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Forward. And the power of punctuation.

Forward. Obama's campaign slogan.

To capitalise or not to capitalise, that is the question.

Don’t take this article as any sort of suggestion as to my political tendencies. I’m not even American so my opinion is pretty much moot anyway. Love him or hate him though, Barack Obama does have some damn good slogans.


I know I’m late to the party but it is a rather wonderful campaign slogan isn’t it? Confident in its simplicity, assertive in its punctuation, a single word with a huge amount of meaning. Screw photography, these eight characters say more than any image ever could. Forward. It’s why I love the English language.

But let’s mix it up a little and see how some tiny alterations can change the meaning so dramatically.


Limp and insecure, too afraid to commit with a period, who’s going to believe this slogan? Not I. Also happens to be the slogan the SNP used at their party conference last year.


Shouting it from the rooftops in desperation, the exclamation mark renders the calm, understated confidence of the period obsolete. Obama’s just trying too hard now.


Add a question mark and we have a slogan Mitt Romney could use in opposition to the Democrats to conjure up images of doubt in the minds of the voters. Given his flip-flopping on slogans, it’s actually quite suitable too.

Another alternatively for Mitt could be “Forward, Obama? Really?!”.


Hinting at the unknown, this slogan would be accompanied by a photo of Obama winking at the camera with a wry, cheeky smile, his index finger extended into the air as if to say “You’re guess is as good as mine!”.


And suddenly Obama’s an author.

Backward? Forward!

By labouring the point and overstating the obvious, suddenly we’ve lost all meaning behind the elegance of a single punctuated word. The reason “Forward.” works is because of everything it doesn’t say or rather doesn’t need to say.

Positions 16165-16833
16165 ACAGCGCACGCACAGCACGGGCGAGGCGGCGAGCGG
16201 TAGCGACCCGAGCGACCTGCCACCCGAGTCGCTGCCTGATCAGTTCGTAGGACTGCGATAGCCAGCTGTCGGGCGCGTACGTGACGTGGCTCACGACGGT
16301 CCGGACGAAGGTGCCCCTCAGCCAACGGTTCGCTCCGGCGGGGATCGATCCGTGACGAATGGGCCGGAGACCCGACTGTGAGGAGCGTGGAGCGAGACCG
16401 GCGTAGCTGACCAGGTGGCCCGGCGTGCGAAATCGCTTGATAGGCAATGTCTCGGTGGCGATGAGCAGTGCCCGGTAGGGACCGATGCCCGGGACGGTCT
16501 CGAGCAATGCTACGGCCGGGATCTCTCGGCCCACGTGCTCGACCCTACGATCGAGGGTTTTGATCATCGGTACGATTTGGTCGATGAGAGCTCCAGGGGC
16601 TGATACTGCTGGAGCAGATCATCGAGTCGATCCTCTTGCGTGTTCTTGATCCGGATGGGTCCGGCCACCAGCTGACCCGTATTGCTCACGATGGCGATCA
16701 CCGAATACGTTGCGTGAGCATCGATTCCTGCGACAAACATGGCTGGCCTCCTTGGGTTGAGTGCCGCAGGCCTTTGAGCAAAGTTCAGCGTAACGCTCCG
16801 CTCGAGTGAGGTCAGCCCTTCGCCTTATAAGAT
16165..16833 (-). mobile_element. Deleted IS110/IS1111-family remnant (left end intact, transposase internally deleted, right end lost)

It’s toasted.

We have a joke in the office that whenever I can’t think of a headline to write, I shove in the copy “It’s toasted.”. You’ll see it in a lot of our mock-ups. Coincidently it was first used by Lucky Strike in 1917, the same year Lenin coined the slogan “Vperod”, aka “Forward” to the non-Russian speaking. Apparently it’s a pretty common catchphrase amongst the Lefties.

So, turns out political writing is lot more fun than I would’ve thought. Now if only they would change the Constitution so Arnie could run for president. I’m sure his slogans would be a campaign writer’s dream.

“You know how I said I’d only be president for one term? I LIED.”

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Author: Gordon McLachlan

Gordon is uncomfortably good looking.




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  1. Adam October 24, 2012 at 8:04 am

    I’m glad you wrote this, I’d been thinking how great FORWARD. was for a while but couldn’t quite put my finger on it. Its also one the first uses of H&FJ’s Gotham for web typography is existence, as its still in beta. It’ll be more popular that Comic Sans once released, or if (when) Obama wins.

    • Gordon October 27, 2012 at 2:41 pm

      Ooh, we hadn’t clocked the typography usage. Nice point. Gotta love how they even connected forward thinking to the use of type :)

  2. Espen November 6, 2012 at 10:48 am

    It now looks like Obama has changed the full stop to an exclamation mark – so much for keeping calm in the last days before E-day.

    • Gordon November 11, 2012 at 5:20 pm

      I think it was a last minute change to reflect a final battle cry.

      “Forward! To victory!”

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